Course Care

Bunkers

Before leaving a bunker, a player should carefully fill up and smooth over all holes and footprints, and then leave the rake outside the bunker, preferably on the bunker grass tongue. – picture guide (right)
1. Always enter the bunker at the lowest point.
2. Pull rake toward you as you exit the bunker.
3. If required rake other affected areas.
4. Do not pile sand at the edge of the bunker. Push back excess sand.

Repairing Ball-Marks

1. Always start at the back of the mark and push forward with the repairer.
2. Use repairer around all sides and slowly ease turf toward the centre of the mark. Do not lift the soil upwards.
3. Lightly tap down with putter.
4. Your completed repair should look like this.

Repairing Divots

1. Remove any loose turf from the affected area.
2-3. Knock in all sides of the edge of the divot with your club or your shoe.
4. Correctly mended divot.

Damage to Greens

Flagsticks, Bags etc.

Players should ensure that, when putting down bags, or the flagstick, no damage is done to the putting green, and that neither they nor their caddies damage the hole by standing close to it in handling the flagstick or in removing the ball from the hole. The flagstick should be properly replaced in the hole before the players leave the putting green.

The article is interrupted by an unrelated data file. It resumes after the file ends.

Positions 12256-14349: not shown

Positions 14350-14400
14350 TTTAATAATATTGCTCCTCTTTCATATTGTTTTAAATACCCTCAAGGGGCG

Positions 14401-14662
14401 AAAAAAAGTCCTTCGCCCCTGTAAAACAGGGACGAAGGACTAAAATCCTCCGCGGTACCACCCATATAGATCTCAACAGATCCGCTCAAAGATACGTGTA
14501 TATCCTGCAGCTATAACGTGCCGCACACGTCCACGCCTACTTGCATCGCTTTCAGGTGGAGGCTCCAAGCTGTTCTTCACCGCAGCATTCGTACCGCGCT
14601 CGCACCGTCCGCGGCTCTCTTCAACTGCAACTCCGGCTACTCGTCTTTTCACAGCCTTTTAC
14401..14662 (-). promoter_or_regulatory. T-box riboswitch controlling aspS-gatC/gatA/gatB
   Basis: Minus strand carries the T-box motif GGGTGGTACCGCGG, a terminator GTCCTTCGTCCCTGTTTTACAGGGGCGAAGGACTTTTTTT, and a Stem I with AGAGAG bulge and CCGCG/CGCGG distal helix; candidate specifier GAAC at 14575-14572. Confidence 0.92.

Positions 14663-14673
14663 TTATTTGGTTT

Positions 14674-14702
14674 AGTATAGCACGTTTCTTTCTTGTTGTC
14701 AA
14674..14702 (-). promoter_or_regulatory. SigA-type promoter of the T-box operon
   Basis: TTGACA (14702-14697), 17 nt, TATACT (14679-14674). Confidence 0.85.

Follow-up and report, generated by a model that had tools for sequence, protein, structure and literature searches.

Handling the flag

1. Don’t drop the flagstick on the putting surface as it will cause damage.
2. Always lower the flagstick by club
3….or by hand.
4. Avoid damage to surrounds by placing the stick in the centre of the cup.

Golf Carts

Golf carts can only be driven by those who have been given approval to do so. Users are required to abide by the Rules governing the Use of Golf Carts.

Practice Swings

In taking practice swings players should avoid causing damage to the course.

Green Cutting Procedures

Greens are cut in a predetermined order. On days on which competitions are programmed, the aim is to cut each green before players on the time sheet are in a position to reach any particular green.

The Greens Staff are instructed to proceed with their programme of work and have right of way. There are good reasons for this procedure, including the need to complete essential work on the entire course in the time available after allowing for scheduled competitions. Players must allow work to proceed be it on the fairway, tee, green or practice fairway. Players must not hit if course Staff or machinery are operating in range.

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